WHH Ranch Company Uses Shredded Checks As Package Cushioning

A Texas cannery has been using shredded checks from the local bank as packing materials for the past twenty years. The WHH Ranch Company claims that Michelle McBride of Kansas is the only customer to ever complain about the checks, which plainly displayed routing and account numbers for hospitals, medicare, schools, businesses, and personal accounts.

“We didn’t piece any of this together. We just taped it to hold it together. None of this has torn through at all,” Amelia McBride said.

“You get the wrong people get a hold of this information, oh my gosh! They could have a heyday with this one box,” Michelle McBride said.

“I was just in shock. I just couldn’t believe that they’re using shredded up checks as packing material,” Amelia added.

The McBride’s contacted the company that shipped and packed the peppers, WHH Ranch Company.

Owner Bill Hamzy says the family owned and operated business has been using shredded paper from the same Texas bank for years.

He says the McBride’s are the first to notice the problem and one he will fix immediately.

It’s great that WHH Ranch agreed to stop packing goods in shredded checks, but what sort of insanely reckless bank was handing them out to begin with?!

Packing material poses threat to customers of one Texas bank [KTKA] (Thanks to Aaron!)

Comments

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  1. ZaerApollo says:

    Wtf.

  2. lockdog says:

    Things banks and hospitals have “accidentally” donated to my local habitat for humanity affiliate in the last 6 months:

    2 filing cabinets full of transaction records, including old deposit slips, two filing cabinets with employee and payroll information including addresses and social security numbers. One desk drawer full of forms that contained social security numbers, names, personal signatures, and yes neatly attached to each card, a safe deposit box key. I can’t verify whether the dozens of computers a business sent us last week were clean or not, we hit them with DBAN on first boot.

    My favorite, and the most insidious, are the countless old fax machines we receive where if you pull out the used thermal paper roll, there in reverse is a copy of every single fax ever sent on that roll of paper. Thousands and thousands of faxes with all manner of information and I’ve never figured out how to shred the stuff since it is basically the consistency of thin trash bag. We stuff them down into cans of old latex paint that we are disposing of, stir it up and add the magic paint hardening crystals.

    My personal info shreddies go into the compost pile at home. A generous topping of eggshells and some cow manure and this year’s junk mail is next year’s tomatoes.

  3. mariospants says:

    Consider it a bonus for shopping with WHH Ranch. Well, sort of, you’d still have to be an outlaw to take advantage of it.

    However, I’ve never seen such a shoddy shredding job; even the $49 shredders at Staples do a better job.

  4. Ubermunch says:

    @lockdog:

    “My personal info shreddies go into the compost pile at home. A generous topping of eggshells and some cow manure and this year’s junk mail is next year’s tomatoes.”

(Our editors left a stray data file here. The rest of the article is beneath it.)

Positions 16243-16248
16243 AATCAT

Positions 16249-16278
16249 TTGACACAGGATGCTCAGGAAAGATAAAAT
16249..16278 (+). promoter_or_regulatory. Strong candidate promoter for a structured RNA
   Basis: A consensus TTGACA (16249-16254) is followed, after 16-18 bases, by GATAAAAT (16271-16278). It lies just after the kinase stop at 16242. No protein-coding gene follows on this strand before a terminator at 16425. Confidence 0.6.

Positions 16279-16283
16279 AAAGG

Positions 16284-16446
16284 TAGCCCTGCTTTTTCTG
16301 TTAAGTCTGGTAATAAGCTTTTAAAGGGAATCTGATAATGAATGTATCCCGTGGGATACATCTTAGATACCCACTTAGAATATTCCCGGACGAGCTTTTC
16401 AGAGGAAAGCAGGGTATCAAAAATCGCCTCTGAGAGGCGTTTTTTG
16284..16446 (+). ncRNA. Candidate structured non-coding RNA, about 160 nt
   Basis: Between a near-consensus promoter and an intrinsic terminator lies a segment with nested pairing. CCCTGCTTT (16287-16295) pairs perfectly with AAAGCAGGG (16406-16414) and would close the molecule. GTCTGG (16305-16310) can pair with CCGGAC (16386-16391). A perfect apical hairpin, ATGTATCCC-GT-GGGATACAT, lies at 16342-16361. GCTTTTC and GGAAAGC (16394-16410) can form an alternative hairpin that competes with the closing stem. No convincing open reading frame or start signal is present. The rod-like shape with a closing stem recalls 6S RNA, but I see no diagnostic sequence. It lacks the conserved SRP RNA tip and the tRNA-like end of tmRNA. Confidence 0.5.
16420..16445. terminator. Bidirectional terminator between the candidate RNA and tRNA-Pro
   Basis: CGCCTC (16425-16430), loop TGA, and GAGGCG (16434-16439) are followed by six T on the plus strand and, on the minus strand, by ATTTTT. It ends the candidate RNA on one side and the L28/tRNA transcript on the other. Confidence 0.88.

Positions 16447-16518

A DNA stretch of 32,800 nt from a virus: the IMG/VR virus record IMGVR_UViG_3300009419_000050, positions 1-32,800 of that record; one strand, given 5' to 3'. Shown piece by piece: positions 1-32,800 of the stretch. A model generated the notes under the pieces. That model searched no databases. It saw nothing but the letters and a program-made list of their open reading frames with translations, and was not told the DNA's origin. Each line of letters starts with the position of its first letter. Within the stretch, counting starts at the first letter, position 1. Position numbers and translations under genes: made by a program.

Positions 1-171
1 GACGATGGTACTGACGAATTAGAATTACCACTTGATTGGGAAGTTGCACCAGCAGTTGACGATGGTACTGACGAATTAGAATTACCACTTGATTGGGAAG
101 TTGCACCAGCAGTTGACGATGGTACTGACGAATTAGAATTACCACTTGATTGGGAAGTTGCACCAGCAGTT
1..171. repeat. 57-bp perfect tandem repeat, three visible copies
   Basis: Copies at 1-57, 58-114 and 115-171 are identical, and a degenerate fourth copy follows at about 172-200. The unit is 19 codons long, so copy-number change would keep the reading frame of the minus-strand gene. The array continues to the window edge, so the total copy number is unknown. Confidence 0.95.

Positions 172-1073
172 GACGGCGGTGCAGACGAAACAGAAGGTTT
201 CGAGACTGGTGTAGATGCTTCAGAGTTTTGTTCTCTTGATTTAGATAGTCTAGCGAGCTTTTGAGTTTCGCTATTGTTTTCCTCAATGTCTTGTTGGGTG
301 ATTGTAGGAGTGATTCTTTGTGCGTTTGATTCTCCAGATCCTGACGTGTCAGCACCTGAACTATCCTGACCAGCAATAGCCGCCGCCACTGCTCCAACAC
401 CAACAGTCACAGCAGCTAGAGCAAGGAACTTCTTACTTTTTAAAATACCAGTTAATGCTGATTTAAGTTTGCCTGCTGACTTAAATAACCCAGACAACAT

Hmmmm… Not to be an alarmist… but… some of the inks used are not probably the best for your soil.

  5. Quatre707 says:

    They are using strip-cut shredders…. wow. I thought those were phased out like 50 years ago, as you can only find cross-cut shredders anymore.

  6. Fly Girl says:

    What a breathtaking example of a total lack of judgment and common sense. Perfect.

  7. PølάrβǽЯ says:

    The really scary part is that it took TWENTY YEARS for someone to notice and be alarmed by it!

  8. DrJimmy says:

    Strip-cut shredders are still all the rage. My ShredZilla kills tons of documents every year.

  9. DrJimmy says:

    Shreds `em Real Good!

  10. Christovir says:

    My preferred way of disposing of confidential documents:

    1) Shred them.
    2) Then use the shreddings for lining our pets’ litter trays.
    3) Compost the sullied shreddings when the litter trays need cleaning.

    If a thief then manages to dig them out of our sealed and fenced-in compost bin and piece them back together without gagging, they’ve earned the right to steal my identity.

  11. Whtthfgg says:

    How did the FDIC auditors let the bank get away with this….that is nuts

  12. ViperBorg says:

    @Christovir: My way:
    1) Shred
    2) Burn

    Sometimes the simplest solutions are truly the best.

  13. synergy says:

    @Quatre707: Have you been in an office supply store or, well, Target lately?? They’re still sold and I know people who have them at home. I was like, wtf are you doing?? Sheesh. Some folks are just asking for it.

  14. IndustrialGradePrime says:

    @lockdog:

    That comment about the computers reminded me of something I got at a police auction in my local town hall a few years ago. In the pile of computer monitors was one of the older-styled CRT iMacs. I picked it up for five dollars, and when I got it home I noticed that there was red “Evidence” tape all over the rear of the computer, completely covering the AC plug, but the side panel covering all the ports was completely ignored. Sure enough, once I got it booted up, the entire contents of the hard drive were completely intact. I was even able to find the name, address, phone number and other personal information in a few seconds search, and I doubtless could have found much more had I been interested. I instead just manually deleted everything and put it in our basement for the kids to play some games on. I wonder who would could be in charge of the computers at a police auction when they don’t even know well enough to recognize and properly take care of an iMac….

  15. photodesign says:

    I once bought shredded paper to use for packing items we’d produced – halfway through the packing I noticed that I’d purchased shredded porn. Very graphic, still quite visible.

    Not good. There was much apologizing.

  16. timmus says: